Pentagon IG says it won't look into delay of military aid to Ukraine

news
An aerial view of the Pentagon building in Washington, June 15, 2005. U.S. Defense Secretary Donald Rumsfeld defended the Guantanamo prison against critics who want it closed by saying U.S. taxpayers have a big financial stake in it and no other facility could replace it at a Pentagon briefing on Tuesday. (Reuters/Jason Reed JIR/CN)

WASHINGTON — The Pentagon Inspector General has declined the request of seven Senate Democrats to open a probe into whether the Defense Department was negligent in delaying congressionally approved military aid to Ukraine, according to a letter.


In a letter to senators on Tuesday, Inspector General Glenn Fine said "it is clear that there would be overlap in key witnesses and similar documents to review in any potential DoD IG investigation" with three House committees also investigating the hold on military aid that's at the center of the House's impeachment inquiry.

Sen. Richard Durbin, D-Ill., and six other lawmakers in September called on Fine to investigate five issues, including whether the Pentagon was "directed to slow or halt its work to spend" funds directed to Ukraine and by whom.

Closed door testimony and the written transcript of a Pentagon official before the impeachment inquiry has answered some of the questions.

Laura Cooper, a deputy assistant secretary of defense, told House investigators that she and other Pentagon officials were informed by Office of Management and Budget that President Donald Trump had "concerns" about the nearly $400 million in U.S. aid to Ukraine a week after a hold was placed on the funds, according to a transcript of her testimony.

Fine said his decision not to investigate "could change, however, as circumstances evolve and the congressional inquiry proceeds." At the conclusion of the impeachment proceeding "we would once again consider investigating such DoD matters that have not been sufficiently addressed and warrant additional scrutiny," Fine wrote.

———

©2019 Bloomberg News

Visit Bloomberg News at www.bloomberg.com

Distributed by Tribune Content Agency, LLC.

—————


A projectile is fired during North Korea's missile tests in this undated picture released by North Korea's Central News Agency (KCNA) on November 28, 2019. (KCNA via Reuters)

SEOUL (Reuters) - North Korea said it had successfully conducted another test at a satellite launch site, the latest in a string of developments aimed at "restraining and overpowering the nuclear threat of the U.S.", state news agency KCNA reported on Saturday.

The test was conducted on Friday at the Sohae satellite launch site, KCNA said, citing a spokesman for North Korea's Academy of Defence Science, without specifying what sort of testing occurred.

Read More Show Less

Since the Washington Post first published the "Afghanistan papers," I have been reminded of a scene from "Apocalypse Now Redux" in which Army Col. Walter Kurtz reads to the soldier assigned to kill him two Time magazine articles showing how the American people had been lied to about Vietnam by both the Lyndon Johnson and Richard Nixon administrations.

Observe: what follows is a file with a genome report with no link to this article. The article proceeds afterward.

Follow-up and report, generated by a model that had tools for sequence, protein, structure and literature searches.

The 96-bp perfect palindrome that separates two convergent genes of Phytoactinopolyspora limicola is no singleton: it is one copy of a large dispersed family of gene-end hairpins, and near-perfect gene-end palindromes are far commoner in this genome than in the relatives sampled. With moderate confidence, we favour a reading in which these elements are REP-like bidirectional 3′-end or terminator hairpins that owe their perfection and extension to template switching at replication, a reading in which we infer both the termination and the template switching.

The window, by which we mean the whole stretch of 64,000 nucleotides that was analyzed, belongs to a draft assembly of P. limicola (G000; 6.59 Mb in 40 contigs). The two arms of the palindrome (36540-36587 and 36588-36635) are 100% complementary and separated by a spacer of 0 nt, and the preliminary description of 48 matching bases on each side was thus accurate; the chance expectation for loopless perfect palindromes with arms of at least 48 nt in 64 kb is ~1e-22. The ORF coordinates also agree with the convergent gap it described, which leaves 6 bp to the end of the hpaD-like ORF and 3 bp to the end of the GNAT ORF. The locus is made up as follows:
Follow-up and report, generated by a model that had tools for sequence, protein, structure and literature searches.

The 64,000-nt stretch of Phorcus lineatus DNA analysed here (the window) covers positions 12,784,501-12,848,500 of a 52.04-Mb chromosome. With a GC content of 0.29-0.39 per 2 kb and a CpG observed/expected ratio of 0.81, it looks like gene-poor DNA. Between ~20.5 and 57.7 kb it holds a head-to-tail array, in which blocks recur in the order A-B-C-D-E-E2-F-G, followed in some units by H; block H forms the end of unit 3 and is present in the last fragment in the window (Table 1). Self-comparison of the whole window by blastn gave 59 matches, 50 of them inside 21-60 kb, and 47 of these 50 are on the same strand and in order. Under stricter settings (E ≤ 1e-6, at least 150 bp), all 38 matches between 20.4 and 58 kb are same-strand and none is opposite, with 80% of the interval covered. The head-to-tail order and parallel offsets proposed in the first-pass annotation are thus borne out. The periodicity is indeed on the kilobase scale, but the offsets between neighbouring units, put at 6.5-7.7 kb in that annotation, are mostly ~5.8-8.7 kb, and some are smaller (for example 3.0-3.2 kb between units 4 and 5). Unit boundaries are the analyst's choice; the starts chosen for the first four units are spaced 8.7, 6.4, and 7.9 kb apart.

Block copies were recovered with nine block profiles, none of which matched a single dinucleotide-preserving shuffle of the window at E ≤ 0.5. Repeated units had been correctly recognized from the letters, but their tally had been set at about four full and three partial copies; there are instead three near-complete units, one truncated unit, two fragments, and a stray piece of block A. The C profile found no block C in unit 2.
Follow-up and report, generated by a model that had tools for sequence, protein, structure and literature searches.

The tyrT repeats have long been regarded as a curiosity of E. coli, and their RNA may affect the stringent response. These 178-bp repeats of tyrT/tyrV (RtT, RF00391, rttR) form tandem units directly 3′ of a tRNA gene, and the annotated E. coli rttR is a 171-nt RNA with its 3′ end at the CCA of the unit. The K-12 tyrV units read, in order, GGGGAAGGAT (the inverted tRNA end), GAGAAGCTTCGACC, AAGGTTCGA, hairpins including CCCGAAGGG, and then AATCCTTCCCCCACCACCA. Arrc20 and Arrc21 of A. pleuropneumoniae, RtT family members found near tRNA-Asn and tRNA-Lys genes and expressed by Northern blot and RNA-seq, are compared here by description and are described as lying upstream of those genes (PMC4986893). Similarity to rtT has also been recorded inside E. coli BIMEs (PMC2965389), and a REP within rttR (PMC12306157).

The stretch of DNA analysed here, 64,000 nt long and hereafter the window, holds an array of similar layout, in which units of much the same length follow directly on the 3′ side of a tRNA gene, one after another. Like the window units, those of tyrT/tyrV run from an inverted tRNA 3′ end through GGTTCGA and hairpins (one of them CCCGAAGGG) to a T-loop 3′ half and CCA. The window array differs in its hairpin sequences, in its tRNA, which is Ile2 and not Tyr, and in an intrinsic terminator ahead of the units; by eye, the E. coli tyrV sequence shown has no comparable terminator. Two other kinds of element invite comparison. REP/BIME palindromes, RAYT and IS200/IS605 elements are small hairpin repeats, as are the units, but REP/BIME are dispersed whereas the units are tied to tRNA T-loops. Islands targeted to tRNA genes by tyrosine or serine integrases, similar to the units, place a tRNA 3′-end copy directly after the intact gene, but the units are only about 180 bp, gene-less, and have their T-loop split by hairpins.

In one of the articles, a British counterinsurgency expert tells Nixon that "things felt much better and smelled much better" during his visit to Vietnam.

"How do they smell to you, soldier?" Kurtz asks.

Read More Show Less
Erik Prince arrives for the New York Young Republican Club Gala at The Yale Club of New York City in Manhattan in New York City, New York, U.S., November 7, 2019. (REUTERS/Jeenah Moon)

WASHINGTON (Reuters) - Erik Prince, the controversial private security executive and prominent supporter of U.S. President Donald Trump, made a secret visit to Venezuela last month and met Vice President Delcy Rodriguez, one of socialist leader Nicolas Maduro's closest and most outspoken allies, according to five sources familiar with the matter.

Read More Show Less
Soldiers with 2nd Brigade Combat Team, 4th Infantry Division, walk in what could be mistaken for another planet. Kandahar, Afghanistan, Dec. 25, 2011 (Army photo/Sgt. Ruth Pagan)

(Reuters Health) - While army suicides have historically decreased during wartime, that trend appears to have reversed in recent decades, a new study of U.S. records finds.

Researchers poring over nearly 200 years of data found that unlike earlier times when there was a decline in suicide rates among U.S. Army soldiers during and just after wars, the rate has risen significantly since 2004, according to the report in JAMA Network Open.

Read More Show Less
Cmdr. Sean Shigeru Kido (Navy photo)

The Navy relieved a decorated explosive ordnance disposal (EOD) officer on Thursday due to a loss of confidence in his ability to command, the Navy announced on Friday.

Read More Show Less